In the conventional embodiment of FIG. 1, switch 100 is closed based on a switching frequency of about 25 KHz. The duty cycle of switch 100 is varied in order to control the amount of energy stored within choke 103 and thereby varies the level of current supplied to load 70 connected across terminals 104 and 105. Down converter 60 serves as a current source in which the voltage across terminals 104 and 105 is lower than the voltage supplied to down converter 60 by D.C. source 50.
Load 70 includes a capacitor 109 which is connected across terminals 104 and 105 of down converter 60 for controlling the flow of current through choke 103 when a lamp 154 of load 70 is not ignited. Load 70 also includes a commutator having four switches 112, 115, 118 and 121. Switches 112 and 121 Open and close together. Similarly, switches 115 and 118 open and close together. Control circuitry for controlling the opening and closing of switches 112, 115, 118 and 121, although not shown, is well known in the art. The commutater periodically reverses the flow of current through a winding 130 and lamp 154. In other words, switches 112, 115, 118 and 121 commutate the flow of current flowing through winding 130 so as to provide an alternating current for powering lamp 154.
Lamp 154 is a high intensity discharge lamp such as a high pressure sodium, low pressure sodium, high pressure mercury, metal halide or high pressure metal vapor lamp. In order to ignite lamp 154, a high voltage pulse typically of several thousand volts must be applied across the electrodes of lamp 154.
Ignition of lamp 154 is provided by an ignitor 131. Ignitor 131 includes a winding 127 and a SIDAC 136 which are serially connected together and in parallel with a capacitor 133. Ignitor 131 also includes a resistor 139 which is connected at one end to the junction between capacitor 133 and SIDAC 136. The other end of resistor 139 is connected to the junction between switches 118 and 121. The junction between capacitor 133 and winding 127 is connected to the junction between switches 112 and 115 and winding 124.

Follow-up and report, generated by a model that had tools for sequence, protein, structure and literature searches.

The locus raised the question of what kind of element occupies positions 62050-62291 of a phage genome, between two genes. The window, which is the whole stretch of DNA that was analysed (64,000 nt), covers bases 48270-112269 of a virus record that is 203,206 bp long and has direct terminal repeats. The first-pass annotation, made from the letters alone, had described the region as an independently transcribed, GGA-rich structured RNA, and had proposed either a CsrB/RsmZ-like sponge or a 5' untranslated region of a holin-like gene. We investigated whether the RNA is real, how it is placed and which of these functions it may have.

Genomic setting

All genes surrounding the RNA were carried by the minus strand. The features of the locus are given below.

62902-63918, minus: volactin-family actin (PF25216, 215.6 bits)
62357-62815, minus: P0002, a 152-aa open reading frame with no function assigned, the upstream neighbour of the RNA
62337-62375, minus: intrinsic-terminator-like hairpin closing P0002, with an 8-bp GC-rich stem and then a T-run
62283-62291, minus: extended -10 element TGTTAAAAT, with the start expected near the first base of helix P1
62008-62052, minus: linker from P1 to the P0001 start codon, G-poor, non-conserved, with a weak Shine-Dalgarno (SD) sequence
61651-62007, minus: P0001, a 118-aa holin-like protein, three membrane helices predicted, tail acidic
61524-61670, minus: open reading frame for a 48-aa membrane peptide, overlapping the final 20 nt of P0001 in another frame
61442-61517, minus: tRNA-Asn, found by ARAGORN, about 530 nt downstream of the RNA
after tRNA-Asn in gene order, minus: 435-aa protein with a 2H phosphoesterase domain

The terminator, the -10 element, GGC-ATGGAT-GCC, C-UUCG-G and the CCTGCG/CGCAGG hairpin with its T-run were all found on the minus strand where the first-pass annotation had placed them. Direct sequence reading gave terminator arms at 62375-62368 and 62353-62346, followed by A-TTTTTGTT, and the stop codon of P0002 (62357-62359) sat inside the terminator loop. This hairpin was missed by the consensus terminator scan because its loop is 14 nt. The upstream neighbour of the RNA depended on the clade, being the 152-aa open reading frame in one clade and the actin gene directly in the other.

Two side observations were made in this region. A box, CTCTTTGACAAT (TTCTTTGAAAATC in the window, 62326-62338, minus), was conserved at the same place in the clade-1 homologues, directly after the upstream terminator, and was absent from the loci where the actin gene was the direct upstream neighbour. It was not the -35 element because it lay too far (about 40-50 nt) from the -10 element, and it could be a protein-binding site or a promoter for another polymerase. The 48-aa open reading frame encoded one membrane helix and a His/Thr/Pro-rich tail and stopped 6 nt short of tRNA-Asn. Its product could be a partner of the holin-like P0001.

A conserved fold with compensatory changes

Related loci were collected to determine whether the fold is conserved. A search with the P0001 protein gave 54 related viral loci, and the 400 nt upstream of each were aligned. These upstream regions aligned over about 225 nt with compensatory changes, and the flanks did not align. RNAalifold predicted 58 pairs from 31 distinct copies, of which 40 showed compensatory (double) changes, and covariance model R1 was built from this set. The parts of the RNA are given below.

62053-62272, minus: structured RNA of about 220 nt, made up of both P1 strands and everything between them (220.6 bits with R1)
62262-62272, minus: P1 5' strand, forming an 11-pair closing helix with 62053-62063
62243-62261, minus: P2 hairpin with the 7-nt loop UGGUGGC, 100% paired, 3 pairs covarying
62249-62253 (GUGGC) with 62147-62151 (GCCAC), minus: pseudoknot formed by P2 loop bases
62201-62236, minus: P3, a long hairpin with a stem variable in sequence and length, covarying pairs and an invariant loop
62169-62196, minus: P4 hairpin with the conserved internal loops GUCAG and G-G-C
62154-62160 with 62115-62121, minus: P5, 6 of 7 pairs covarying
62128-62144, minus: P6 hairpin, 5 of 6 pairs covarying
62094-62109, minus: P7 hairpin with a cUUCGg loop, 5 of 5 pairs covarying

Prior to ignition of lamp 154, current produced by down converter 60 flows through capacitor 109. The capacitor 109 charges to a predetermined voltage level based on the switching frequency and duty cycle of switch 100. When switch 100 is open and prior to ignition of lamp load 154, current produced by choke 103 flows through capacitor 109 and returns to choke 103 through diode 106. The voltage across capacitor 109 rises until the voltage applied across SIDAC 136 is equal to the breakdown voltage of the latter. SIDAC 136 is now turned on (i.e. begins to conduct current therethrough). A voltage pulse is applied to winding 127. Winding 127 serves as the primary winding of a transformer 124. Winding 130 serves as the secondary winding of transformer 124. The voltage pulse impressed across winding 127 is transformed into a high voltage pulse across winding 130.